About Saint Mary's

SMU Science alumna planning volunteer expedition to the Arctic

13 June, 2016


Kitrina Godding
Kitrina Godding


When you travel to the Arctic for a diving expedition, you don’t pack light. 

Next month SMU alumna Kitrina Godding (BSc, 2005) will travel to Iqaluit to take part in a volunteer diving expedition, doing research on ocean change and introducing 12 Inuit teen girls to diving and the work the all-female team does.

Each member of the team, founded by Canadian Geographic’s Susan Eaton, will bring five suitcases containing diving gear and research materials. 

They will research ocean change and the disappearing sea ice in the Arctic, and engage the local communities with educational outreach. Their goal is to “bring the ocean to eye level,” using remotely-operated vehicles, mobile aquariums and snorkel safaris.

Godding, a Dartmouth native, is one of five Canadians and the only Maritimer in the group, which also includes medical professionals, educators, journalists and underwater photographers and videographers.

Her Bachelor of Science in Geology and Geography from Saint Mary's, an advanced diploma in Marine Geomatics from the Centre of Geographics, and her experience as an offshore surveyor working with remotely operated vehicles in the Gulf of Mexico all come together to make her a valuable addition to an impressive team of women.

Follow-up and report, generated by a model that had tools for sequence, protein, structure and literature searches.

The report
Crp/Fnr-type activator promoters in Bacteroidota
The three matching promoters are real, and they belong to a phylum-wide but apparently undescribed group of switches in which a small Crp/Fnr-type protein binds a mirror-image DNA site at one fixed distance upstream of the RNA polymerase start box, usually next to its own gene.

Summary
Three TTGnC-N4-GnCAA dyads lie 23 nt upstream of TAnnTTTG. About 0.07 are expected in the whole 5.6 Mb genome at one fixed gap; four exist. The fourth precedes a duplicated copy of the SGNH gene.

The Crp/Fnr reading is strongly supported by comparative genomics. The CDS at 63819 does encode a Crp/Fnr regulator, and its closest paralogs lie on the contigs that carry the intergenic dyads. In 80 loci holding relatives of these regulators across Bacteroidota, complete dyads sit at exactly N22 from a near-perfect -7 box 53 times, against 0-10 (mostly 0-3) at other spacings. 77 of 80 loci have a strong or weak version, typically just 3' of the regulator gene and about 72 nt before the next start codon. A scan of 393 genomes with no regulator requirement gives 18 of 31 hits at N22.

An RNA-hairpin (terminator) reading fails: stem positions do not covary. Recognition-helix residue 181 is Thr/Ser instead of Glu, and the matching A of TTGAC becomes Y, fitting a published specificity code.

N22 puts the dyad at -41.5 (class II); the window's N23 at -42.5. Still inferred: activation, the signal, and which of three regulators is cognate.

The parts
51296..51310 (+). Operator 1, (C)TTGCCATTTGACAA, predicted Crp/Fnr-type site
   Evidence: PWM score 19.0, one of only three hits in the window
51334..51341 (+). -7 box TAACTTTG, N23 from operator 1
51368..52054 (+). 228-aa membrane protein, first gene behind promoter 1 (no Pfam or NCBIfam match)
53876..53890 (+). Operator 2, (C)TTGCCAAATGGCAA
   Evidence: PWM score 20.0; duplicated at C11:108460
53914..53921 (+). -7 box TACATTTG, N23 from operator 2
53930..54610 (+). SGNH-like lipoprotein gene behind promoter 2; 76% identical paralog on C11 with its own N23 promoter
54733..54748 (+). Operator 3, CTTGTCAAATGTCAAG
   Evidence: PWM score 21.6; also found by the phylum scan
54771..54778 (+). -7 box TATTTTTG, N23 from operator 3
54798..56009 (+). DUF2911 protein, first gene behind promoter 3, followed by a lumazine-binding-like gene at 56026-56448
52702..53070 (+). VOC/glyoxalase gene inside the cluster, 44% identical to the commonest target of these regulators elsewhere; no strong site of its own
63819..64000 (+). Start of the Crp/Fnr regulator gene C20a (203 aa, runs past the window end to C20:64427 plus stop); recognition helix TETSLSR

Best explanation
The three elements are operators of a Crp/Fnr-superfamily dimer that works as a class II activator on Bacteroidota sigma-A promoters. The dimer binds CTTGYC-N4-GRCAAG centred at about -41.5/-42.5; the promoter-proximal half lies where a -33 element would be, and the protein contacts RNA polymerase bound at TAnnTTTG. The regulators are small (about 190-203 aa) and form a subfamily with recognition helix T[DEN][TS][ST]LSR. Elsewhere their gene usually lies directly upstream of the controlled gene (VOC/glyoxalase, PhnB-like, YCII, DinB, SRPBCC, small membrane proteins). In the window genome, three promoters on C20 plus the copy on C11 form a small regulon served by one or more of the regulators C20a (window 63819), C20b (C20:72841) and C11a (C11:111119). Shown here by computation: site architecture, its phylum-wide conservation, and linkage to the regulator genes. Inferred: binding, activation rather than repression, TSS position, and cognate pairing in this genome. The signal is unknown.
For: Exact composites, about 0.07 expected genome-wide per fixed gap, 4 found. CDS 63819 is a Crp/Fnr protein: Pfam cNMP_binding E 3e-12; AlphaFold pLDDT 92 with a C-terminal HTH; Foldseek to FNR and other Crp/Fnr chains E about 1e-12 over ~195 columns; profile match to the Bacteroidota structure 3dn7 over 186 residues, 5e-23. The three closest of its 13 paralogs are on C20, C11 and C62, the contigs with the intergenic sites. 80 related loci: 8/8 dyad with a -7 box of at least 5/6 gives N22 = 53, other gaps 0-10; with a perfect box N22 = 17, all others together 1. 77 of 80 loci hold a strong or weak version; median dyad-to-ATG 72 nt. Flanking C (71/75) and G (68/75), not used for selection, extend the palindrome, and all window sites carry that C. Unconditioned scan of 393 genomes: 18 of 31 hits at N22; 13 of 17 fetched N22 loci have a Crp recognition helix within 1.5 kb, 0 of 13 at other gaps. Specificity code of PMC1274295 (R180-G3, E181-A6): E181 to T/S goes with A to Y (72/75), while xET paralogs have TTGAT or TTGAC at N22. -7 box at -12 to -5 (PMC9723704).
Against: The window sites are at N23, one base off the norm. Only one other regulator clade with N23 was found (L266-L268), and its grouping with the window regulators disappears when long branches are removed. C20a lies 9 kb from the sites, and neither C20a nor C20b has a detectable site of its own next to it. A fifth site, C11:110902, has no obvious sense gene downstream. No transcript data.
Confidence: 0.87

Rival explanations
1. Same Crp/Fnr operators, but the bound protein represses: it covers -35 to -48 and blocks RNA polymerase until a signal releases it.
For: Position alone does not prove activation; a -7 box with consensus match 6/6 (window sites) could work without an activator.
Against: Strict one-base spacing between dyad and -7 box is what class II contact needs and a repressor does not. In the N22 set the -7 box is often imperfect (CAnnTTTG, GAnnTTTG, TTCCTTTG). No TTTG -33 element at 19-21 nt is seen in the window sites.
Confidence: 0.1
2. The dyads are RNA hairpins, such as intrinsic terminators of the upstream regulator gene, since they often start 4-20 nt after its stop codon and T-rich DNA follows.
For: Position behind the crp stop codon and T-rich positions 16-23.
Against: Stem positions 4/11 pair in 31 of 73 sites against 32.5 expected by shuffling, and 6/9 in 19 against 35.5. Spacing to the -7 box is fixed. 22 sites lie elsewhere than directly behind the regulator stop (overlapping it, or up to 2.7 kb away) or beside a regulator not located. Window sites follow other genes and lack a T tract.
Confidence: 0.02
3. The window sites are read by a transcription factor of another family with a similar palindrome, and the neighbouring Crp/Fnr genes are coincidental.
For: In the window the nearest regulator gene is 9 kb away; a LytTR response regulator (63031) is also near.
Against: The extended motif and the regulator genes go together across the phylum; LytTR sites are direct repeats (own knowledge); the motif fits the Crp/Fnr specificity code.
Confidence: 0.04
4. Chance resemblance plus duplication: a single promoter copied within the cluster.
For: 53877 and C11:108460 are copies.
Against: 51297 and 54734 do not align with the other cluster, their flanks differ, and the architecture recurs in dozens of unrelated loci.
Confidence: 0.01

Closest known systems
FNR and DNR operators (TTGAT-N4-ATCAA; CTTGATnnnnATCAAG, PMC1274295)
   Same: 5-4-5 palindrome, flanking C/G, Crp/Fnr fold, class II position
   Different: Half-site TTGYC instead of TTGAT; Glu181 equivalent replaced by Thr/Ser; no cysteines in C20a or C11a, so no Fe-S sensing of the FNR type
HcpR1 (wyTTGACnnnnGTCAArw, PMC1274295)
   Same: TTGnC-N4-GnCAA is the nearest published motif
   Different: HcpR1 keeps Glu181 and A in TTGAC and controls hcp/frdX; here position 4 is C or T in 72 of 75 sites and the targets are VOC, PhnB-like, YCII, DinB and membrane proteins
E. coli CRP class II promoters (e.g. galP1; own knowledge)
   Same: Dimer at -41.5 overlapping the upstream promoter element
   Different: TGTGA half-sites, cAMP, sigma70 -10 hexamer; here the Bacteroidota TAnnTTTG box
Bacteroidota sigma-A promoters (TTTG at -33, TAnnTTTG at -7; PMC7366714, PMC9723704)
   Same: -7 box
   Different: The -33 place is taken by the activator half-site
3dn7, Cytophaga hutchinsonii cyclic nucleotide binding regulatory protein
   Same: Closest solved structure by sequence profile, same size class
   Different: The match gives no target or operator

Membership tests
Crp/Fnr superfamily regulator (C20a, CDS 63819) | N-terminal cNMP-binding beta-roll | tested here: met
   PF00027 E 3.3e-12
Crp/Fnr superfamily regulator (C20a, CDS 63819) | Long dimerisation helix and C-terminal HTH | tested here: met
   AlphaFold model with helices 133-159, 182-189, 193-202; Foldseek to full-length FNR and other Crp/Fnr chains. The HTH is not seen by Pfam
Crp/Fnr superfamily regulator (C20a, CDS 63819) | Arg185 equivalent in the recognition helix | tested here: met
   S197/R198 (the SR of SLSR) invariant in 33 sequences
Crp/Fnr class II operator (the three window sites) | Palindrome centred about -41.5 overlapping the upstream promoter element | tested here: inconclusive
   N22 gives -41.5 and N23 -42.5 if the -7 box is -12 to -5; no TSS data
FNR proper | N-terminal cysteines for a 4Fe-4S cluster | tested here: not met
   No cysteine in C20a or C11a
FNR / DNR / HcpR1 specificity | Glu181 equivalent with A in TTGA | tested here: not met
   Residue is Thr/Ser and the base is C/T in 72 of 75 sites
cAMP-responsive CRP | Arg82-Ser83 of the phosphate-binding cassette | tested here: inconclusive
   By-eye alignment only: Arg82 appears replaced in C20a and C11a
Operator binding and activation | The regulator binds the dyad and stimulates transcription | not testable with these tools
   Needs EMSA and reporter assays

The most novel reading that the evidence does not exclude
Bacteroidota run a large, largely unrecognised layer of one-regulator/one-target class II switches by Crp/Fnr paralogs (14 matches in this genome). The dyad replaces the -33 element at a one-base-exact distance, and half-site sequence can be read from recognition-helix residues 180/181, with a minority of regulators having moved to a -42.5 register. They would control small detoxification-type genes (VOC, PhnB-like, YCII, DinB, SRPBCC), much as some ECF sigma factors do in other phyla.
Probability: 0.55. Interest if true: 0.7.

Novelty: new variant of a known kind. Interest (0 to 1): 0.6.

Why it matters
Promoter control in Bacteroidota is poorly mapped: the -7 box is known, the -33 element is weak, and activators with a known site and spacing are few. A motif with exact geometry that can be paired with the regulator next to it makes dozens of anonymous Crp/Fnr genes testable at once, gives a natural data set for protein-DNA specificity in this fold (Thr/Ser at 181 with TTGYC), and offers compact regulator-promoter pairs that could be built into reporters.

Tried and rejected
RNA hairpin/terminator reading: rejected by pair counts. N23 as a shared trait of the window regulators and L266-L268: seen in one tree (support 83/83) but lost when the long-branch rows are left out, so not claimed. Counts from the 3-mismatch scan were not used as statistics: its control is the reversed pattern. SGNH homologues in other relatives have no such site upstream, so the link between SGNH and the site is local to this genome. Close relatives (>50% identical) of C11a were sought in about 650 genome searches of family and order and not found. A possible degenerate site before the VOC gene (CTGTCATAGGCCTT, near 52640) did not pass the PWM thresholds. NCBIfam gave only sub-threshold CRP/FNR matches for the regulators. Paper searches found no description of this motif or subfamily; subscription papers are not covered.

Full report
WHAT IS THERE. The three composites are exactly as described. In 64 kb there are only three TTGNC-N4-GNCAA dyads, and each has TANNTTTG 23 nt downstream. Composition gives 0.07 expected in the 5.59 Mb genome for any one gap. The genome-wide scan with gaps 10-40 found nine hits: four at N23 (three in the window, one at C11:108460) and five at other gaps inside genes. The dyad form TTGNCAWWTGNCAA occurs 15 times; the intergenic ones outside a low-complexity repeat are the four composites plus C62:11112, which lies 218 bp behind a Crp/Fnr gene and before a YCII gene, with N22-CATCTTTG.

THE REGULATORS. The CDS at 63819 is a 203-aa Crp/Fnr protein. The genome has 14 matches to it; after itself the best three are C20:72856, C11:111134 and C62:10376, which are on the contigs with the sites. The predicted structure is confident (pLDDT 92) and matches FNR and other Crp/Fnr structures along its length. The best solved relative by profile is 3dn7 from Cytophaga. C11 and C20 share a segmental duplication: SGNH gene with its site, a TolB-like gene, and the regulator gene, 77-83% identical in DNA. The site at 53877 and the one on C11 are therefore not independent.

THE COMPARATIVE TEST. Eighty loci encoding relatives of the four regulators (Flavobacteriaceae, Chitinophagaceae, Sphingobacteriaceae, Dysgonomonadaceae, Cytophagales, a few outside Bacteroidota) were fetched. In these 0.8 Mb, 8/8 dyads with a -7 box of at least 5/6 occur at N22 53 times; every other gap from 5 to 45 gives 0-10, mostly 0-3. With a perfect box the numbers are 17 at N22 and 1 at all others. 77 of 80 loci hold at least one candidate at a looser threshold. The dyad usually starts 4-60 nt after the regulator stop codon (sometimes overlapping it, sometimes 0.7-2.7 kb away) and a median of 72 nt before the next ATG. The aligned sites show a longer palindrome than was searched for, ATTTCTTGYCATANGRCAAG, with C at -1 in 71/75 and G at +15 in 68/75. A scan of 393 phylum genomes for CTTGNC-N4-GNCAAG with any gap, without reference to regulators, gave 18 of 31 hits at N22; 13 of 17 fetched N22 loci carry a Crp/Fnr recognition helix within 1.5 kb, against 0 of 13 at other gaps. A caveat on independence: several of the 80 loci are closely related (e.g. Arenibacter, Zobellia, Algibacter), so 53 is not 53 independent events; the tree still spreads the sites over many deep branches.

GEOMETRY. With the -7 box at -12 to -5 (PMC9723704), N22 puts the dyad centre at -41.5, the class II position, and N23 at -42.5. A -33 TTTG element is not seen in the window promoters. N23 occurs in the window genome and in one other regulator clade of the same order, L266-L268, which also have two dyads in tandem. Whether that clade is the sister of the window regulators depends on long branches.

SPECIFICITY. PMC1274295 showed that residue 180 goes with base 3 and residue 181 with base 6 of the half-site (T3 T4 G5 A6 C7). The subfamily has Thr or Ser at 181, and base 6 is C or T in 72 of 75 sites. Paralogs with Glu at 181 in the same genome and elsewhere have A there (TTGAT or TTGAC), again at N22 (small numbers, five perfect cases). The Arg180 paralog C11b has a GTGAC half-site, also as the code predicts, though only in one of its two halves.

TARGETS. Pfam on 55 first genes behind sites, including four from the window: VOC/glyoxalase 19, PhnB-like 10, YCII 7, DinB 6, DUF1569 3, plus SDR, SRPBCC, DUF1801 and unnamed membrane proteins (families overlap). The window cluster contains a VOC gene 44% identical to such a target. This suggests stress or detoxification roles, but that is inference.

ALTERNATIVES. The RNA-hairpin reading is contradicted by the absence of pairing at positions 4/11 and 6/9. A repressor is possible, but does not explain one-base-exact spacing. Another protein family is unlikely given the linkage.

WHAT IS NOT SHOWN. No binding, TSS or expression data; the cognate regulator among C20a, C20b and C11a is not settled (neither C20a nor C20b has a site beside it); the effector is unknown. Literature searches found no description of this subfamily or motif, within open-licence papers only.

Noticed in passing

Godding’s experience with the guiding movement also inspired her desire to help teens. The expedition team’s goal is to empower the girls to become the next generation of Inuit leaders, able to tackle climate change and societal change in the Arctic. The girls will also take lessons back to their schools and communities.

Titled Katujjiqatigii (Inuktitut for working together, shouldering the burden together, side by side), this trip is just the first for this team, which is working towards a 3000 km relay of the Northwest Passage. 

They say this trip to Iqaluit will let them reach out to 700 people, and the number grows to two million with follow up presentations to schools in Nunavut and across North America.

Godding and the Sedna team are seeking support for this volunteer, hand-on educational program. For more information, visit their GoFundMe campaign page.